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Columbus Avenue A.M.E. Zion Church

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Temple Israel, Congregation Adeth Israel
1885, Louis Weissbein and Jones. 600 Columbus Ave.
  • (Photograph by Terageorge, CC BY-SA 4.0)

Built for Boston's first Reform congregation, the monumental red brick temple at the corner of Columbus and Northampton avenues was once the city's largest synagogue. A leader in progressive Judaism, its membership of assimilated German Jews later created the Federation of Jewish Charities (today Combined Jewish Philanthropies; see FD11). The eclectic variant of Romanesque Revival was then considered appropriate for a synagogue, similar to contemporary synagogue architecture in the immigrants' country of origin. Comparing the present building with a late-nineteenth-century engraving shows the original conceived by Bavarian architect Louis Weissbein as an essentially vertical structure with soaring twin spire towers. Emphasis on white stone stringcourses and lintels has resulted in an almost squat horizontal edifice. A trace of the once grand synagogue remains in the Star of David encased in a central tondo above the portal of today's church.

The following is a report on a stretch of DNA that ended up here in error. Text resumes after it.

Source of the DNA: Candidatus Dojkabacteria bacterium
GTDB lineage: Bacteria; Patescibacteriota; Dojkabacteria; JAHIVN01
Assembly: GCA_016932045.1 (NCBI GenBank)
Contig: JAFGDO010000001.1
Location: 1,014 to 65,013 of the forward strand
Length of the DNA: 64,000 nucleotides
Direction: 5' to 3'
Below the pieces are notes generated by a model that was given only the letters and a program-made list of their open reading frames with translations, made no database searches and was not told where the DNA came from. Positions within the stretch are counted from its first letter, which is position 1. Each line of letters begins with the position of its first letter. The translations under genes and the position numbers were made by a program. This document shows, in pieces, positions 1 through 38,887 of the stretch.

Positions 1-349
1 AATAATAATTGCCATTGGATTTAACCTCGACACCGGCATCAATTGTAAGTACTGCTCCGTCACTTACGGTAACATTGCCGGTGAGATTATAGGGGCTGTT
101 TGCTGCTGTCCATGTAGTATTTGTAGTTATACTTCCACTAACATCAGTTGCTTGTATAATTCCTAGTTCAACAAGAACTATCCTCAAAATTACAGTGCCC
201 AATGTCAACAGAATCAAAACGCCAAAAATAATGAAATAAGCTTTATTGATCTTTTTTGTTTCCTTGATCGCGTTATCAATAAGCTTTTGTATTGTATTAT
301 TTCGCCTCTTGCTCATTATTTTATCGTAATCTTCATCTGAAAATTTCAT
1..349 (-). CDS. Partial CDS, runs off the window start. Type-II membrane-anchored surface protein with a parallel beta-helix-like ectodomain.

Writing Credits

Keith N. Morgan



  • 1885

  • 1903

    AME Church assumes ownership

What's Nearby


Keith N. Morgan, "Columbus Avenue A.M.E. Zion Church", [Boston, Massachusetts], SAH Archipedia, eds. Gabrielle Esperdy and Karen Kingsley, Charlottesville: UVaP, 2012—,

Print Source

Cover: Buildings of Massachusetts

Buildings of Massachusetts: Metropolitan Boston, Keith N. Morgan, with Richard M. Candee, Naomi Miller, Roger G. Reed, and contributors. Charlottesville: University of Virginia Press, 2009, 143-144.

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